A case-control study is a good way of looking at events which are rare, such as the potential harms of a drug. While drugs are normally tested with randomised controlled trials (RCTs), it is difficult to detect all possible side effects during these studies. They usually follow subjects for only a limited time and often include a relatively small number of people compared to the number who will eventually use the drug. This means that rarer harms may not be detected in RCTs.
As with all observational studies, the results may have been affected by differences between the groups in addition to the factors being compared. Ideally, the cases and controls should be as similar as possible and any important factors taken into account in the analyses.
The researchers used data from the UK QResearch primary care database, which holds anonymous medical records on over 11 million people who registered at one of 525 GP practices in the UK over the past 16 years. They extracted data on adults aged 16 to 100 years old who were registered with participating practices between 1996 and 2007. The researchers identified people who were recorded as having a first blood clot (venous thromboembolism) between 1996 and 2007 (the cases), and selected four matched controls for each of these cases. They then compared past use of antipsychotics between cases and controls.
In total, 25,532 eligible cases were identified and 89,491 matched controls selected from the database. Cases had either a deep vein thrombosis (15,975 people) or a blood clot in their lungs (pulmonary embolism, 9,557 people). Control subjects were matched to cases by age, gender and the GP practice at which they were registered. The controls were alive and registered with the GP at the date at which their matched case had a blood clot (the index date). The controls had not had a blood clot themselves up to this time.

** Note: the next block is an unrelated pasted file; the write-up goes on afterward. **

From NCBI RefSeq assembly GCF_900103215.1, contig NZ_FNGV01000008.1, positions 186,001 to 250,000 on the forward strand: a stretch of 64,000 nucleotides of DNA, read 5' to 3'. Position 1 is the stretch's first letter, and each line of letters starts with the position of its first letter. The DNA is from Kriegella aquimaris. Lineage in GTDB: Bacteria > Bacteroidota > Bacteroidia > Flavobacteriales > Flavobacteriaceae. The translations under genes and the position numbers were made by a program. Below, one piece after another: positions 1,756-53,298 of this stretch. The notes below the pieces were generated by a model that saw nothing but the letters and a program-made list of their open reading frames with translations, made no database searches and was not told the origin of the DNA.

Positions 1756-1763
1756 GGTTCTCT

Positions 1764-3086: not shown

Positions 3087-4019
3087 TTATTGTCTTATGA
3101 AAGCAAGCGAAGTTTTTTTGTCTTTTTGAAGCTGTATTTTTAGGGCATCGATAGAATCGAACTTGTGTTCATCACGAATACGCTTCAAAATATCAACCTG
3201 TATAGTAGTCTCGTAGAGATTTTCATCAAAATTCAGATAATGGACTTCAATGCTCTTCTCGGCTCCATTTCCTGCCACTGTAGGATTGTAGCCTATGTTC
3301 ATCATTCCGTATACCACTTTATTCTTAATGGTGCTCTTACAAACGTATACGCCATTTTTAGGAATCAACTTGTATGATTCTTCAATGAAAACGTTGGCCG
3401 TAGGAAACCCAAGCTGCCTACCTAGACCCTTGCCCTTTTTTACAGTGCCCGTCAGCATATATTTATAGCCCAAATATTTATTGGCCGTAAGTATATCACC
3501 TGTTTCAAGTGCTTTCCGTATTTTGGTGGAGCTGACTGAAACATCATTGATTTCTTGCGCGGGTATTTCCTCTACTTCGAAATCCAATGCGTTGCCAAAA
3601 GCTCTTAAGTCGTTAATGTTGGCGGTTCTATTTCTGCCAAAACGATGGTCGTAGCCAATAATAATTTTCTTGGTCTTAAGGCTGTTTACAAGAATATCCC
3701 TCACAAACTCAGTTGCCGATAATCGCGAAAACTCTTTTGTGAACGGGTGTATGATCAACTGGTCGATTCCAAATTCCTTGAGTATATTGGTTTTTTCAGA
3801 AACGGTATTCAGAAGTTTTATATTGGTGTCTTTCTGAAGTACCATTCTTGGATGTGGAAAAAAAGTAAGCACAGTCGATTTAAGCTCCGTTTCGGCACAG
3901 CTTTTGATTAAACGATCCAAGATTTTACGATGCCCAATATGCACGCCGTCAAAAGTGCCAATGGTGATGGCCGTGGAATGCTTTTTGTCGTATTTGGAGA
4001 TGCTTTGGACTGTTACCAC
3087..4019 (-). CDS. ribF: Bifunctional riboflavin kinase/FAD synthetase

People were not eligible for inclusion if they had less than two years of data available before the index date. Controls who were prescribed warfarin (an anti-clotting agent), cases prescribed warfarin more than six weeks before their clot, cases for whom controls could not be found or people with missing data were not included.
Based on their prescriptions, people were classed as:
Users in each of the different categories were compared with non-users. Researchers also looked at the effects of the specific drug prescribed, the dose and the class of antipsychotic used (newer “atypical” antipsychotics or older “conventional” antipsychotics).
The analyses took into account factors which could affect results, such as number of months of data available, any mental health diagnoses, socioeconomic status, co-existing medical conditions or prescriptions that could affect the risk of clots. Body mass index (BMI) and smoking were also taken into account in a separate analysis. Some data on these measures were missing, so the researchers estimated the missing values based on available data.